World Economic Outlook 2020

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Context: Recently, IMF published the 2nd edition of the World Economic Outlook in October 2020 after the 1st edition in April 2020. Both the reports focussed on the impact of the coronavirus-led global economic slowdown. According to the report, the global economy is climbing out from the depths to which it had plummeted during the Great Lockdown in April. But with the COVID-19 pandemic continuing to spread, many countries have slowed reopening and some are reinstating partial lockdowns to protect susceptible populations. While the recovery in China has been faster than expected, the global economy’s long ascent back to pre-pandemic levels of activity remains prone to setbacks.

Prelims: Current events of national and international importance. 
Mains: GS III- Indian Economy and issues relating to Planning, Mobilization of Resources, Growth, Development and Employment; Inclusive Growth and issues arising from it.


A Long and Difficult Ascent

Key findings

Global Growth Outlook

Near-term outlook:

  • Global growth is projected at -4.4% in 2020, a less severe contraction than forecast in the June 2020 World Economic Outlook Update.
  • The revision reflects better-than-anticipated second-quarter GDP outturns, mostly in advanced economies, where activity began to improve sooner than expected after lockdowns were scaled back in May and June, as well as indicators of a stronger recovery in the third quarter.
  • Global growth is projected at 5.2% in 2021.
  • Following the contraction in 2020 and recovery in 2021, the level of global GDP in 2021 is expected to be a modest 0.6% above that of 2019.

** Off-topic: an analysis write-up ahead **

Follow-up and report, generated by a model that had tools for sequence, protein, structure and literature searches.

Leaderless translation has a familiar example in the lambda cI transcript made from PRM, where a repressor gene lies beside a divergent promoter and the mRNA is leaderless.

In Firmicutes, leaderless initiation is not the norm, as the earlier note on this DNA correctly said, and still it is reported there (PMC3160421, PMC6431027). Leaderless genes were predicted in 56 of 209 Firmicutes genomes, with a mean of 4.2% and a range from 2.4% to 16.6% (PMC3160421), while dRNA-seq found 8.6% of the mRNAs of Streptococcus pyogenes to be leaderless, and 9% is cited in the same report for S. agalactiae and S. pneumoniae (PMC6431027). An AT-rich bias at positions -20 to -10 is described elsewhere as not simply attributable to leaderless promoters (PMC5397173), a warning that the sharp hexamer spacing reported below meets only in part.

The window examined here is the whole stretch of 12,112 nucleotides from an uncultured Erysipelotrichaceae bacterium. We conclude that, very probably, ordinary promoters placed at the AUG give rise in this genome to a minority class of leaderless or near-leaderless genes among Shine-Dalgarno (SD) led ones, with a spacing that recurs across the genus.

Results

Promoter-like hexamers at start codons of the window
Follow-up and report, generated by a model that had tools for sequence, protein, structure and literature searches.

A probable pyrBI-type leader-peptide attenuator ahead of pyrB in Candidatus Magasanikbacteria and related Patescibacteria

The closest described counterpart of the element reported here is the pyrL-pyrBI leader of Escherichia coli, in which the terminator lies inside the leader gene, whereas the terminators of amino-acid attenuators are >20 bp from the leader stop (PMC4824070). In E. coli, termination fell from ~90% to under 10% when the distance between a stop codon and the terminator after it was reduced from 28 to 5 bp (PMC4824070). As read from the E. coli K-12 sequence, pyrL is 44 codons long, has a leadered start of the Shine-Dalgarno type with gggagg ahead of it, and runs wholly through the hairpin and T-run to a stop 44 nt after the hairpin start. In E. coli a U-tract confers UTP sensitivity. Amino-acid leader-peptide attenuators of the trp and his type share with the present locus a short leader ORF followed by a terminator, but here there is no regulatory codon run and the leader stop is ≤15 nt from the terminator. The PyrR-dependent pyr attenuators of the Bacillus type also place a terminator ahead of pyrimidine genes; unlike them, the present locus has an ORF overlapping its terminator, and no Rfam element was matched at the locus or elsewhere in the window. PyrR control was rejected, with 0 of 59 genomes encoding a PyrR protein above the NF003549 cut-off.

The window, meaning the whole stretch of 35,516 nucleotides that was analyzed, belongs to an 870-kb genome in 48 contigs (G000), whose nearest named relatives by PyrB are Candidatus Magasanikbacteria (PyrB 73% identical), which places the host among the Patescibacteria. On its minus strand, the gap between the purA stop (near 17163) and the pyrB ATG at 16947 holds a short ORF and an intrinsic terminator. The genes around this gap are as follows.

• The growth projections imply wide negative output gaps and elevated unemployment rates this year and in 2021 across both advanced and emerging market economies.
  • The report also predicted that the output in advanced and emerging economies will remain below 2019 levels, with an exception of China.
  • Manufacturing-led economies recover better than the economies that rely on contact-intensive services and oil export.
  • Uneven recoveries between advanced economies and developing economies are projected in 2020.
  • The report also mentions the severe setback to the improvements in standards of living. It states, “The cumulative loss in output relative to the pre-pandemic projected path is projected to grow from 11 trillion over 2020-21 to 28 trillion over 2020-25.”
  • The pandemic is having particularly adverse effects on economically more vulnerable people, including younger workers and women. The burden of the crisis has fallen unevenly across sectors. In general, low-wage earners are at an appreciably higher risk of losing their jobs than those in the upper quintiles of the wage distribution.

Medium-term outlook:

  • After the rebound in 2021, global growth is expected to gradually slow to about 3.5% into the medium term.
  • This implies only limited progress toward catching up to the path of economic activity for 2020–25 projected before the pandemic for both advanced and emerging market and developing economies. 
  • It is also a severe setback to the projected improvement in average living standards across all country groups.
  • The pandemic will reverse the progress made since the 1990s in reducing global poverty and will increase inequality.
  • People who rely on daily wage labour and are outside the formal safety net faced sudden income losses when mobility restrictions were imposed.
  • Close to 90 million people could fall below the $1.90 a day income threshold of extreme deprivation this year.
  • School closures during the pandemic pose a significant new challenge that could set back human capital accumulation severely.
  • The subdued outlook for medium-term growth comes with a significant projected increase in the stock of sovereign debt.